This morning, I did the running community and my orange shorts great injustice. It wasn’t my fault though and here’s why.
On Saturday at around 10.00am, I drove down to Gilgil for a friend’s ruracio. Almost all the youthful attendees had made plans to sleep and party in Nakuru after the event. Given that I had a million things to do on Sunday and I had left my family back at home, sadly, I could not be party to that party.
Ruracio was the usual. A resounding success nonetheless, especially given some major threats that we faced initially. At first, the rain seemed to want to make a statement now that the flashy gang from Nairobi was visiting. At around 1.00pm, a light drizzle thrummed on the tent then shortly after, fierce winds roiled the place, threatening to tear off the tent. The bride who was peering from the bedroom window and worried stiff went down on her knees and prayed for the weather to take a chill pill. And chill it did.
Later, five chics including myself, fully covered in lessos were lined up for the groom to identify his better half. It was a piece of cake given that the bride was like 3”5 (ok maybe 5”1) and the rest of us were 5”5 plus. However, their five-year-old son who was the groom’s wing man believed undoubtedly that the lady in the middle donning a green lesso (who was the tallest of us all btw) was the mom. With such strong conviction, he kept tugging at the dad’s shirt and pointing at lady in green saying “Dad, ni huyu!”
The older crowd held its breath, but the bulk of us who were familiar with the bride were in stitches. I hoped that the dad listened to him because I have always been curious to know what happens if one made the wrong choice. Do the villagers call time on the event (because it’s always the villagers that run that show) and ask the guy to go back when he has his act together? Or is the guy asked to settle for whomever he picks anyway (assuming they are not taken) since perhaps cupid had initially aimed the arrow at the wrong person? Has it ever happened to anyone? I would love to know.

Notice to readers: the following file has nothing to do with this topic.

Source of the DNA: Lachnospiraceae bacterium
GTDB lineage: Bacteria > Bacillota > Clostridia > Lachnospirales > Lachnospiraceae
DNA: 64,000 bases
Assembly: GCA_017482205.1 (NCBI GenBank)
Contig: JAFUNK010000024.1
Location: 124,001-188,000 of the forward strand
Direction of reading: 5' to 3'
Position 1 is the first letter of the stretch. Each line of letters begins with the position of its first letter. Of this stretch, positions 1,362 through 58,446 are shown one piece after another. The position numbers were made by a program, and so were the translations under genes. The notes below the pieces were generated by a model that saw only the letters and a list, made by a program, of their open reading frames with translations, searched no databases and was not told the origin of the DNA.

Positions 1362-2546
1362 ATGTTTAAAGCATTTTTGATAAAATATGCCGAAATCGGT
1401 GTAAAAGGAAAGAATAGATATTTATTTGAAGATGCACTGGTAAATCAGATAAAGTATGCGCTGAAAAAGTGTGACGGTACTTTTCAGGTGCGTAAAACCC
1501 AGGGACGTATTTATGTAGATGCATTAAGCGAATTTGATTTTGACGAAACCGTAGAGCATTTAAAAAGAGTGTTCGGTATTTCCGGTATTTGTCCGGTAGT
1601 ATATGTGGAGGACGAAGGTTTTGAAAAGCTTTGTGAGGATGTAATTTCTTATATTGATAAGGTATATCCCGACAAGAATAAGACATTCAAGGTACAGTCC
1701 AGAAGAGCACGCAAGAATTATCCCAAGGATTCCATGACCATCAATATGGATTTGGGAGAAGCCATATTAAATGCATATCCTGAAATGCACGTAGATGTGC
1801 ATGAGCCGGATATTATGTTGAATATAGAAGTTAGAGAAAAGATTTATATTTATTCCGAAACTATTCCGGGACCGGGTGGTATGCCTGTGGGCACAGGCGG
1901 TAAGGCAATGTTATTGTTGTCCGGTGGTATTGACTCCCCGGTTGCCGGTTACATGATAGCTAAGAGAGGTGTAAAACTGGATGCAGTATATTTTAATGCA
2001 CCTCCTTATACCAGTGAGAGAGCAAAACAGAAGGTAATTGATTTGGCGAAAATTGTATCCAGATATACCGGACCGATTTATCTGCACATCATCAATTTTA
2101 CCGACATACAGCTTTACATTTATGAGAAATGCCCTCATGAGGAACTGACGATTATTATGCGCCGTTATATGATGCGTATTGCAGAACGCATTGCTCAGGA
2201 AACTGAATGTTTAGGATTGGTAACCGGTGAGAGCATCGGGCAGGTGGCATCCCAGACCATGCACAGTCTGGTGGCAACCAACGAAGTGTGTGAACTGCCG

At around 7.00pm, the function came to an end. We said our goodbyes and drove towards the highway. The rest of the gang turned right to go to Nakuru and I turned left to head to Nairobi, oblivious to what was awaiting me 2 kilometers down the road. Monstrous traffic with cars and trucks snaking for over a kilometer which was as far as I could see. No pressure, let’s listen to the West Africans do what they do best. I thought to myself. Wizkid, Yemi, Tiwa Savage. Get Walshy Fire to fuse some of these Nigerian sensations with Jamaican dancehall and it’s a wrap. Before I knew it, 1.5 hours had lapsed. Same spot. Madness. Google traffic situation on Nakuru-Nairobi highway. No relevant results.
At 9.00pm, I remembered Albert Einstein’s definition of insanity and I chucked it in. I called the mister, explained my predicament and made a U-turn for Nakuru. There may have been a smile on my face. My friends who were just about to leave the hotel for the party scene were elated to see me, as I was to see them. Thank God for same size friends, I was quickly handed over a pair of jeans and was ready to paint Nakuru red. More like paint the club 7D red because when you get to my age club hopping is no longer a thing.